“Tower Heist” from the script writer’s point of view
By Ronnie Tharp-Garber
Ben Stiller and Eddie Murphy lead an all-star cast in Tower Heist, a comedy caper about working stiffs who seek revenge on the Wall Street swindler who stiffed them.
After the workers at a luxury Central Park condominium discover the penthouse billionaire has stolen their retirement, they plot the ultimate revenge: a heist to reclaim what he took from them.
This is a comedy with the sub-genre of heist-comedy. The drama elements are the known Opponent, with a moral dilemma that blows in the Battle scene, with the Opponent defeated: finally a Wall St. multi-million dollar player who thinks he’s above the law is brought down by some very creative “working stiffs.”
The elements of action come into play with the Hero, Ben Stiller, greatly incensed when the trusted employee/doorman of a high rise tower building is bilked out of his life savings by the Opponent and then tries to commit suicide. To stay in this genre where comedy is the overall force, the doorman could not be killed – Ending up in a hospital, yes. And the Hero goes for a visit and vows to make things right. As a comic action Hero, “a man’s gotta do what a man’s gotta do!”
The Character Web of hotel workers and bosses and funny residents of this super-expensive, posh residence that resembles Trump Tower is neatly played out. All of the secondary characters play against their natures, which contributes to that “comic gap” that is the mainstay of comedy: The desk clerk Russian young woman is studying for the bar and will end up being the shark lawyer for the Hero; the Jamaican maid is a brain with safe-cracking; the lonely, broke, divorced and bankrupt Wall St. occupant becomes part of the heist team instead of going asunder; the primo thief, Eddie Murphy, is bailed out of jail and wears a stolen business suit with attache case and becomes the heist trainer for these other “pansy-ass” would be thieves, who have never stolen anything in their lives.
All of the secondary characters support the Main Desire Line of the Hero, who wants to retrieve the money that the Opponent stole from the employees’ pension plan. Each character approaches the Desire according to his/her particular “quirk” and value system.
What keeps the Narrative Drive going is the continued “immoral” acts that the Hero commits to reach his goal/Desire of getting the money back for the employees. The Hero smashes a prized race car to smithereens; he engineers a safe-break-in; trains with a jailed criminal. The comic gap with his straight man character is that in the beginning of the story, he is a perfectionist- well-respected and politically correct with the wealthy residents of the Tower at all times. He plays along with the Opponent boss and maintains his calm under pressure. But then he goes berserk and is willing to jump completely out of character to go after the goal/Desire.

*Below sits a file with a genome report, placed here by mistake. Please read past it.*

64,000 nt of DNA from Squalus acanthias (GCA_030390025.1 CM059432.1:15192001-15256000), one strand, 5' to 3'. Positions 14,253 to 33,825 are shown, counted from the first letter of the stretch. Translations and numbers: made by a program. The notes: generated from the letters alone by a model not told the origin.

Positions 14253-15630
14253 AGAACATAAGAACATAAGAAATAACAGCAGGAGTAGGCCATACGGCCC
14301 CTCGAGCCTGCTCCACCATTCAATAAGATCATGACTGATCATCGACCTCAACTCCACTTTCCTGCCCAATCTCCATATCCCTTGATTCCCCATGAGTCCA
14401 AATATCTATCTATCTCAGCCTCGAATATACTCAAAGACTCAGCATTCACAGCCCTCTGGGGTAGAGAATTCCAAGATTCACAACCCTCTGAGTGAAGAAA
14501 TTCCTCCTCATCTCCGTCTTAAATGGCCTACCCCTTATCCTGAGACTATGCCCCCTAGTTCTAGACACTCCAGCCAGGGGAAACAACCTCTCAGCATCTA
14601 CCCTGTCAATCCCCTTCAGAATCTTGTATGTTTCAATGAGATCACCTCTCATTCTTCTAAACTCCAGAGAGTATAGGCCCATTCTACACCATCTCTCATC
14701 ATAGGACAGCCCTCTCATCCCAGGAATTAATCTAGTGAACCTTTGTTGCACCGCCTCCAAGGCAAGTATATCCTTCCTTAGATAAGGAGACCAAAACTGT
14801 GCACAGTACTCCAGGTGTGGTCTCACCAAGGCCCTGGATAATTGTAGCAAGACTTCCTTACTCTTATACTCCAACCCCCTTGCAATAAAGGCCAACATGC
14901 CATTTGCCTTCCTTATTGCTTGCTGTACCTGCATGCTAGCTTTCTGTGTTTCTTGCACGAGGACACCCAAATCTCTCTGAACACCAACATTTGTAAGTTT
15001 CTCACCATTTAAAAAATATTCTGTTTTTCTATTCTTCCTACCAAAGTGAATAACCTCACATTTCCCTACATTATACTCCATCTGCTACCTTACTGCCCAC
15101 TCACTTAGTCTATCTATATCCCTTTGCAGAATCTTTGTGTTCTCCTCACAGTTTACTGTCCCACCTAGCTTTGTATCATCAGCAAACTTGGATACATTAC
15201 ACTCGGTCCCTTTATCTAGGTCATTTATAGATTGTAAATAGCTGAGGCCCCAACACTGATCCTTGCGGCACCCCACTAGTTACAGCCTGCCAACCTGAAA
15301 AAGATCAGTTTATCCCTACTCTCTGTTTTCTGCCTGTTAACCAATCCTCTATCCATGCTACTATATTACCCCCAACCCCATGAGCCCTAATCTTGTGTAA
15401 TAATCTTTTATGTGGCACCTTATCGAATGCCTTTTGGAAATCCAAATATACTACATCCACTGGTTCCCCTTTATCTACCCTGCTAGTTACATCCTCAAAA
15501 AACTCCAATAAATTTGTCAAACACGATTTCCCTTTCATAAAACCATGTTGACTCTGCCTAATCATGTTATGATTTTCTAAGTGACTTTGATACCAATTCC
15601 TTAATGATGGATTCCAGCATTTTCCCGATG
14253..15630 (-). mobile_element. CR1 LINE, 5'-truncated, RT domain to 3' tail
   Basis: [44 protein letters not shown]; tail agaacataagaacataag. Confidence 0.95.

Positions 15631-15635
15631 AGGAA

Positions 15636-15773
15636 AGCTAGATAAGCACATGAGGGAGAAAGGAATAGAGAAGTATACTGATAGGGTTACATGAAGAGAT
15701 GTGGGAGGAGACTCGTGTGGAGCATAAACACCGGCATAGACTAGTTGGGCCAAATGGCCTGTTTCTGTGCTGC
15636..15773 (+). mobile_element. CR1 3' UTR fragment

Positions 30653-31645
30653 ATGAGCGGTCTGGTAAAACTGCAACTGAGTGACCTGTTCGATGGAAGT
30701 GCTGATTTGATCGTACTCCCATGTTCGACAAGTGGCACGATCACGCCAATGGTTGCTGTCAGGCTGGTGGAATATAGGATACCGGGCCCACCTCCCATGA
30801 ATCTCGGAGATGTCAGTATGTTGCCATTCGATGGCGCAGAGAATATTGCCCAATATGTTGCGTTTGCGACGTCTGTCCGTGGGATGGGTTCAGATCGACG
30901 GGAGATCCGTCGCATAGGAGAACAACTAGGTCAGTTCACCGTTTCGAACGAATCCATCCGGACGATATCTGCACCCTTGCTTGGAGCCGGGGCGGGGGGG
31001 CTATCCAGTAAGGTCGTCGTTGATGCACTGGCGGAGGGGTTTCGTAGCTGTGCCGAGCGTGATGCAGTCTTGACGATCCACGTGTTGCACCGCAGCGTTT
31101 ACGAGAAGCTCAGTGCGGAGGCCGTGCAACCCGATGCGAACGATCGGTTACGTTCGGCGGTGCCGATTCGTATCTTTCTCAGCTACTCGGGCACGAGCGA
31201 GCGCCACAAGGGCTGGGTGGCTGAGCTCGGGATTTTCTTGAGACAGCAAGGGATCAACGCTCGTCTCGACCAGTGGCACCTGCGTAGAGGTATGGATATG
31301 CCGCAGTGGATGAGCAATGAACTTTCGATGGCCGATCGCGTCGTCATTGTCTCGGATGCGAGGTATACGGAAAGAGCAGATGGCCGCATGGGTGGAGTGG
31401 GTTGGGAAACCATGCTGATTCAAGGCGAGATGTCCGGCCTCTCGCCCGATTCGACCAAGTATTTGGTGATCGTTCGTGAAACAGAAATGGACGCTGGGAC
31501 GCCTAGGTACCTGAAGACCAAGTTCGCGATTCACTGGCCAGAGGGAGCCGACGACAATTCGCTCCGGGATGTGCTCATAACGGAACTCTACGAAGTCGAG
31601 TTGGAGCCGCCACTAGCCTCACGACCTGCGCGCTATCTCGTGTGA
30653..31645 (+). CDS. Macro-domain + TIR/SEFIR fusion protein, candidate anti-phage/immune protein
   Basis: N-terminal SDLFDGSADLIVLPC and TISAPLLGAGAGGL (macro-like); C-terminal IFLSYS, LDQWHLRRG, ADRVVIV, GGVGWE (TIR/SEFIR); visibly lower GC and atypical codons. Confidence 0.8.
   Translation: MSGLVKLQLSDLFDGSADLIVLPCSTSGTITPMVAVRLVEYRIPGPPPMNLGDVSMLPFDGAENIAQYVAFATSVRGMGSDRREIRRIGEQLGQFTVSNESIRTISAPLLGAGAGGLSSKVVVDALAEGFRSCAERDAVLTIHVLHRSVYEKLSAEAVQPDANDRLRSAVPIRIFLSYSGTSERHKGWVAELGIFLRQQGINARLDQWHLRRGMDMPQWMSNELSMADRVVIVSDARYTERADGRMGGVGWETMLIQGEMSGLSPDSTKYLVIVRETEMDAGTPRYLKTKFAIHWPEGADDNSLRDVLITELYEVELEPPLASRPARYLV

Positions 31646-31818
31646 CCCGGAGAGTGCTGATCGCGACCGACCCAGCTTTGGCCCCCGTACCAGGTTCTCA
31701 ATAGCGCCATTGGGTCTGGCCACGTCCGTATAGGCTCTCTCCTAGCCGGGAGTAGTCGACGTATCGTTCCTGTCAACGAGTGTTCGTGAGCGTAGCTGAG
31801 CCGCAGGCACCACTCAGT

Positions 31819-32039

In a tightly crafted script such as this one, the story beats are all orchestrated: There’s the Inciting Incident at the 12-minute mark: The news that the pension fund has been raped by the unscrupulous boss. The end of Act 1 is at the 30 minute mark when the Hero receives new information to propel him into a definitive Plan of action to solve a huge dilemma that not only he is faced with, but all of his employees, or “working stiffs” as the Opponent likes to call them.
Act 2 is filled with preparation and training for the big heist moment. A sub-plot love interest for the Hero is woven in with the F.B.I. agent also desirous of putting the Opponent away, as she is totally disgusted with the rich raping the poor and being above the law. At the 60-minute mark, also called the Mid-Point Break, there is a distinct change of story world where the characters are in a very precarious time, just steps away from being discovered by the F.B.I., the Main Opponent, and the police. On page 75, a unique reveal occurs, and on page 85, another unique reveal occurs to jolt the audience forward with the Narrative Drive of the story. On page 90, the low point is very definitive, but because this is comedy, it is not a devastating low point.
There is a creative twist at the end, which comes after the Battle scene. The final sequences are compressed, as in comedy genre, these sequences are generally shorter than in other genres. The average comedy is about 96 minutes long, and this film is 99 minutes, including 5 minutes of credits. There is no Self-Revelation or New Equilibrium sequence, as the audience mainly cares about the Battle scene and wants to see the Opponent get his due.
For an entertaining, rollicking and good-humored 99 minutes, this film delivers. The cast is superb, the script is tight, and the comedy-heist genre is transcended, whereby the audience knows it will be a happy ending, but they will be surprised with the twist – It’s not a deux ex machina type of twist, but rather a set-up in good script writing, so that the audience feels a “poetic justice” type of emotion for a clever turn on predictability.